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April 20, 2016

The National Labor Relations Act (NLRA), which governs private sector labor relations that affect interstate commerce, does not include an explicit preemption provision.However, in San Diego Building Trades Council v. Garmon, the US Supreme Court held that the NLRA strips state courts of their jurisdiction to regulate conduct "[w]hen it is clear or may be fairly assumed that the activities that a State purports to regulate are protected by [Section] 7... or constitute an unfair labor practice under [Section] 8..." (1959).

At the heart of the NLRA are the so-called Section 7 rights, which provide employees with: "... the right to self-organization; to form, join, or assist labor organizations; to bargain collectively through representatives of their own choosing; to engage in other concerted activities for the purpose of collective bargaining or other mutual aid or protection; and to refrain from any or all such activities." Pursuant to Section 8(a)(1), an employer commits an "unfair labor practice" in violation of the act if it engages in conduct "to interfere with, restrain, or coerce employees in the exercise of the rights guaranteed [by Section 7]."

When a party claims that a state law impacts activity that is arguably protected or arguably prohibited by the NLRA, "[t]he critical inquiry," according to the Court in Sears, Roebuck and Co. v. San Diego Dist. Council (1978), is "whether the controversy presented to the state court is identical to... or different from... that which could have been, but was not, presented" to the National Labor Relations Board (NLRB), the federal agency charged with enforcing the NLRA.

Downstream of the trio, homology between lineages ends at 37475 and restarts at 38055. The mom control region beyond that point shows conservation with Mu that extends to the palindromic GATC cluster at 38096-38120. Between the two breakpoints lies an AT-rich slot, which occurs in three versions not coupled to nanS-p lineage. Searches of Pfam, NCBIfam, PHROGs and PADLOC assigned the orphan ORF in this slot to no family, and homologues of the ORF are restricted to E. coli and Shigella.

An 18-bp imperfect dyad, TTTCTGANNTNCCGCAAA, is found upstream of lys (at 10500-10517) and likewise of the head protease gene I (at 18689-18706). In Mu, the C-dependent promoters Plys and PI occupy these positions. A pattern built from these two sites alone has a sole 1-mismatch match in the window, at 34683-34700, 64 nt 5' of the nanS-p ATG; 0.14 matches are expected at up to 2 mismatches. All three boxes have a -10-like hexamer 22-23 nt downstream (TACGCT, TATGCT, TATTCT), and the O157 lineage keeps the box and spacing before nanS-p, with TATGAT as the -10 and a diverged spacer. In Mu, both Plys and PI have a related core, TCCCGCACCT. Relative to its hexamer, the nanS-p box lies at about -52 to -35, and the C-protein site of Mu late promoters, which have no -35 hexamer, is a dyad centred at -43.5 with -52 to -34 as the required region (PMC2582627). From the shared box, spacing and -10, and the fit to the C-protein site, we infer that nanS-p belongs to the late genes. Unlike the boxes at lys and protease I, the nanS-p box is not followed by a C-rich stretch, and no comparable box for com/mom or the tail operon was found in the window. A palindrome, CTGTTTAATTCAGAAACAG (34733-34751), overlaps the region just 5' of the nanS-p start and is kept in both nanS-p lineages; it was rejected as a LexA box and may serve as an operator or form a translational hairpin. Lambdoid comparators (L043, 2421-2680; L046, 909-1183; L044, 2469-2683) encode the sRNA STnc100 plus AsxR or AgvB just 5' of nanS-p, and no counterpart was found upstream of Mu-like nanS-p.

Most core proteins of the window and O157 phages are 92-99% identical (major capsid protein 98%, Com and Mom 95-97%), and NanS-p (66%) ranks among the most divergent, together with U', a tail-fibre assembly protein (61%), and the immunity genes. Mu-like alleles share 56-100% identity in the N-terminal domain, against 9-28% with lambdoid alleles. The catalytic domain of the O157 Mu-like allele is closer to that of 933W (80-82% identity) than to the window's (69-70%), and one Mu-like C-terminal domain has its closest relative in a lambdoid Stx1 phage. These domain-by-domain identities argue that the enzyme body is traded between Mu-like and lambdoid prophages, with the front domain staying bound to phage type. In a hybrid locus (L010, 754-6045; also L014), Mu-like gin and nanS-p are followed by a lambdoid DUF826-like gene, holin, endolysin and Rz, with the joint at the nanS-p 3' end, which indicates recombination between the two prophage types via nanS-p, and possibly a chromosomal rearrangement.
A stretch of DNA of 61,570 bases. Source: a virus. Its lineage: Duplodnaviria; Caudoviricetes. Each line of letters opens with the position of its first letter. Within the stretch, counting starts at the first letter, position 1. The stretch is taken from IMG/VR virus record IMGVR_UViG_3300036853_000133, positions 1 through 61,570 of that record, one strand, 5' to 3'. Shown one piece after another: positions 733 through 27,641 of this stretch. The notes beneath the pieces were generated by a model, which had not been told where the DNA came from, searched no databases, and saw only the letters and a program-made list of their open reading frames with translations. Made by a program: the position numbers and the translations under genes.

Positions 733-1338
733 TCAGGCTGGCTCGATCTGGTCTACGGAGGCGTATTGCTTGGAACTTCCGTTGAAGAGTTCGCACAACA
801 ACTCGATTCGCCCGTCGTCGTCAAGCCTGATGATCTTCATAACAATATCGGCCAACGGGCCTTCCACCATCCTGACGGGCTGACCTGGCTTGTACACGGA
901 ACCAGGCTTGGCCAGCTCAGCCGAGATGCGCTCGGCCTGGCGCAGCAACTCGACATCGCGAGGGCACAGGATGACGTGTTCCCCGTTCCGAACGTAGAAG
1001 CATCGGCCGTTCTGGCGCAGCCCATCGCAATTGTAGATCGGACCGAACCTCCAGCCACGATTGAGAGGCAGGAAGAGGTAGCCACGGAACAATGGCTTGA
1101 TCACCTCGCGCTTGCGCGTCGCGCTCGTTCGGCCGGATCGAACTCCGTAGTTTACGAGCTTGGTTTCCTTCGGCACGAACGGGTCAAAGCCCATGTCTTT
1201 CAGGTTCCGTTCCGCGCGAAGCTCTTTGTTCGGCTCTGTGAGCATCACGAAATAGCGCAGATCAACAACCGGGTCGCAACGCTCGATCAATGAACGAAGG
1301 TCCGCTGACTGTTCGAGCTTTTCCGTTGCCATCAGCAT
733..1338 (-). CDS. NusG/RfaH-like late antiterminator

Thus, "[t]he Garmon rule prevents States not only from setting forth standards of conduct inconsistent with the substantive requirements of the NLRA, but also from providing their own regulatory or judicial remedies for conduct prohibited or arguably prohibited by the Act," as stated in Wis. Dep't of Indus., Labor & Human Relations v. Gould Inc. (1986).

The Garmon doctrine is most commonly used to preempt state law claims alleged by unionized employees against their employers. See, e.g., Chaulk Servs. Inc. v. Mass. Comm'n Against Discrimination (1st Cir. 1995) (holding that a former employee's sex discrimination claim before the Massachusetts Commission Against Discrimination was preempted by the NLRA because the claim was "fundamentally grounded in an assertion that the rights which her employer interfered with involve[d] her union activity"); Cormier v. Simplex Technologies Inc. (D.NH Mar. 4, 1999) (holding that a former employee's state law claim for wrongful discharge was preempted by the act where he alleged that he was terminated in retaliation for his union-organizing activities).

Importantly, however, state law claims for wrongful discharge have also been found preempted by Garmon in the nonunion context. See, e.g., Adams v. Youville Healthcare Center Inc. (Ma. Super. Jan. 29, 1998) (relying on Garmon preemption to dismiss former employee's state law wrongful termination and retaliation claims arising from employee conduct protected under the NLRA); Romero v. DirecTV Inc. (Cal. Ct. App. Feb. 7, 2013) (dismissing employee's state law wrongful discharge claims on the basis of Garmon preemption where employee alleged that he had been terminated for engaging in the NLRA-protected activity of complaining about the employer's unlawful wage and hour practices).

The NLRA is a complex and difficult federal employment law that is commonly misunderstood as applying only to unionized workforces. However, all private employers should know what the law prohibits and how it applies to their employees. Additionally, employers and defense counsel should be aware that they can potentially use the act to their advantage if an employee attempts to assert state law claims against the employer based on conduct arguably protected by Section 7.

Related Professional

  • Mark T. Broth
  • Anna B. Cole

  • Related Practice Areas

  • Employment & Labor

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